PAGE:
"We have known for a while that men tend to be more prone to age-related brain disorders such as memory loss and Alzheimer's disease. These findings may help provide an explanation for these sex differences," Dr. Coffey said. "We are currently investigating the potential functional differences that might result from the acceleration of age-related brain shrinkage in men."

The study was funded in part by the Allegheny-Singer Research Institute, the Mental Illness Research Association and the National Institutes of Health.

###

NOTE: A copy of the study is available by request. Please call Meredith Meyer at (313) 876-2882.


Story Source:

The above story is based on materials provided by Henry Ford Health System. Note: Materials may be edited for content and length.


Cite This Page:

Henry Ford Health System. "Male Brain Ages Faster Than Female, Henry Ford Research Shows." ScienceDaily. ScienceDaily, 19 February 1998. <www.sciencedaily.com/releases/1998/02/980219061407.htm>.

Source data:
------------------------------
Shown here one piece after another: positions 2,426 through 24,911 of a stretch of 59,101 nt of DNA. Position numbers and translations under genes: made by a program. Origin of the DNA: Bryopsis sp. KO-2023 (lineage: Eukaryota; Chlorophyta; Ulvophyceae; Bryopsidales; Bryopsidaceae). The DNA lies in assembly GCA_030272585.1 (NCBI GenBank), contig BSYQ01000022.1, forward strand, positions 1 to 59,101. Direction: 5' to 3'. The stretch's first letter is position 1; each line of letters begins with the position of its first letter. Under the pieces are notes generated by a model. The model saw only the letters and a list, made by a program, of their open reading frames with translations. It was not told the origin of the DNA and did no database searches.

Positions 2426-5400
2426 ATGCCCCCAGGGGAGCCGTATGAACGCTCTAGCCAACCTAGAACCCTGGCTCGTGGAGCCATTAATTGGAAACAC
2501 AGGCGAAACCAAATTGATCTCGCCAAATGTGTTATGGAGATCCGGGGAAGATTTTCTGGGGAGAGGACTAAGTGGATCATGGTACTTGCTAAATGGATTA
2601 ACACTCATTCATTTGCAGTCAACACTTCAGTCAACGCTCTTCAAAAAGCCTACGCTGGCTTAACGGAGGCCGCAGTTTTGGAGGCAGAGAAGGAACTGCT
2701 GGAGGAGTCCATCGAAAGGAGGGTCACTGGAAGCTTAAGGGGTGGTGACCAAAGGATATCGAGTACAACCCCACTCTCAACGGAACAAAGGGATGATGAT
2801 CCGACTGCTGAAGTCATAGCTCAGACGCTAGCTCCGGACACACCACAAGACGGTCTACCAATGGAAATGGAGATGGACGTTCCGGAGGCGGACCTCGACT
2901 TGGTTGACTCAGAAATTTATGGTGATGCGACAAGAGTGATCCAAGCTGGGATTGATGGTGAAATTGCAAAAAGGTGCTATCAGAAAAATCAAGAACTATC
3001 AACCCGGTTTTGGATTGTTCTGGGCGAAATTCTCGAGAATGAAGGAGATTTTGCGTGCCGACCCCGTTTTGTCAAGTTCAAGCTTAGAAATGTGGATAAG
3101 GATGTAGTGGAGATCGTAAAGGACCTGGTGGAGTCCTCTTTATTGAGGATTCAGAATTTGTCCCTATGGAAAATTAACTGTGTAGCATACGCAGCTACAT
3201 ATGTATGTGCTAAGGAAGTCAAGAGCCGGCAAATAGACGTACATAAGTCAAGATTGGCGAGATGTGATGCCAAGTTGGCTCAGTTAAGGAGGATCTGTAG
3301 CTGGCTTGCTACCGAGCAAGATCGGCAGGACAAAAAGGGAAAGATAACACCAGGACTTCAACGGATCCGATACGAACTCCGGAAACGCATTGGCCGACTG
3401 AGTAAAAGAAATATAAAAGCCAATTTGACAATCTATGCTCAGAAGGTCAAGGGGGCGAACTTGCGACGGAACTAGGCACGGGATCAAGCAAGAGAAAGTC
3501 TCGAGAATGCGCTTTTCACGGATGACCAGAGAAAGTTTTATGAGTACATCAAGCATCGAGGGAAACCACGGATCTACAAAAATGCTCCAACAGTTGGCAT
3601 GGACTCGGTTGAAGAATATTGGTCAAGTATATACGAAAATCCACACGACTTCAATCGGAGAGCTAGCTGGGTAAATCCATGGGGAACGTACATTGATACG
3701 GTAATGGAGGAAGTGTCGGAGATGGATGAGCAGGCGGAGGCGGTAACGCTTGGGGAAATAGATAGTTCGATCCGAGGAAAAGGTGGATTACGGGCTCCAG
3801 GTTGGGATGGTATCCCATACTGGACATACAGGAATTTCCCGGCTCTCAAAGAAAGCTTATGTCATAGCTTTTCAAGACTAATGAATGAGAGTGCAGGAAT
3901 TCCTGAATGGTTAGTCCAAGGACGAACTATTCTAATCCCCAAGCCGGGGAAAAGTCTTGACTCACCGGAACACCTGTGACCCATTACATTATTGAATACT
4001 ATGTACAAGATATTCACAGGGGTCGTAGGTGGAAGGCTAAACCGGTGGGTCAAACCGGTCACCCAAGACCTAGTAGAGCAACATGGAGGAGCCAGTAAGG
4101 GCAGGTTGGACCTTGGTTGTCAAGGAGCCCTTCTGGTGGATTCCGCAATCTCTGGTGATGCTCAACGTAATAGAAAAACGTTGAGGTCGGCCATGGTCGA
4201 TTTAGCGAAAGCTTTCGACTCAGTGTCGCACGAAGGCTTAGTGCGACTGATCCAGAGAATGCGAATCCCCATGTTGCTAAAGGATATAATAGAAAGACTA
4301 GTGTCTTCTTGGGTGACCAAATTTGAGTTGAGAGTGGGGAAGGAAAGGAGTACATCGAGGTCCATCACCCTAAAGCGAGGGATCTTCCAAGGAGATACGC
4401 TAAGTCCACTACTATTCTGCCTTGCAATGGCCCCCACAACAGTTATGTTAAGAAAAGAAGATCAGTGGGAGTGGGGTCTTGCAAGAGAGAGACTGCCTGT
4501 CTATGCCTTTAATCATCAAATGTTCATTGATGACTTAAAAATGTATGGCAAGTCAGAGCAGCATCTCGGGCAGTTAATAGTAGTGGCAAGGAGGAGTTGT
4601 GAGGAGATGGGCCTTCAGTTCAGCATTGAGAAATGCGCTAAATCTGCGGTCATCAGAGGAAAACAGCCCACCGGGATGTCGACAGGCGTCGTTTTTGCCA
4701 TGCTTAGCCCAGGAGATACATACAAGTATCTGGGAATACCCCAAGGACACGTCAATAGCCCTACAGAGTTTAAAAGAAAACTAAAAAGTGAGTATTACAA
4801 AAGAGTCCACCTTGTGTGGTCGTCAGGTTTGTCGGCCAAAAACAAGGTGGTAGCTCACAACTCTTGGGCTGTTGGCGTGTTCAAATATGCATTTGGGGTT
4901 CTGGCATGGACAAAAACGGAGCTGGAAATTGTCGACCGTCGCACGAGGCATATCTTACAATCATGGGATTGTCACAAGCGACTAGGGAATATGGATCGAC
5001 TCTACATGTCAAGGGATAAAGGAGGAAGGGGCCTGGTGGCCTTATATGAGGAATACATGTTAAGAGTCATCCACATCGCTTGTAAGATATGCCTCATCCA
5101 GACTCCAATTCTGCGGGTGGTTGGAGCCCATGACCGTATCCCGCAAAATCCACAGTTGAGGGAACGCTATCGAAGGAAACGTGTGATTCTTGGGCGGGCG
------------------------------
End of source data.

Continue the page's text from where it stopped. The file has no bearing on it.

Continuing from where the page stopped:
Henry Ford Health System. (1998, February 19). Male Brain Ages Faster Than Female, Henry Ford Research Shows. ScienceDaily. Retrieved March 28, 2015 from www.sciencedaily.com/releases/1998/02/980219061407.htm
Henry Ford Health System. "Male Brain Ages Faster Than Female, Henry Ford Research Shows." ScienceDaily. www.sciencedaily.com/releases/1998/02/980219061407.htm (accessed March 28, 2015).

Share This


More From ScienceDaily



More Mind & Brain News

Saturday, March 28, 2015

Featured Research

from universities, journals, and other organizations


Featured Videos

from AP, Reuters, AFP, and other news services

AAA: Distracted Driving a Serious Teen Problem

AAA: Distracted Driving a Serious Teen Problem

AP (Mar. 25, 2015) While distracted driving is not a new problem for teens, new research from the AAA Foundation for Traffic Safety says it&apos;s much more serious than previously thought. (March 25) Video provided by AP
Powered by NewsLook.com
Smartphone Use Changing Our Brain and Thumb Interaction, Say Researchers

Smartphone Use Changing Our Brain and Thumb Interaction, Say Researchers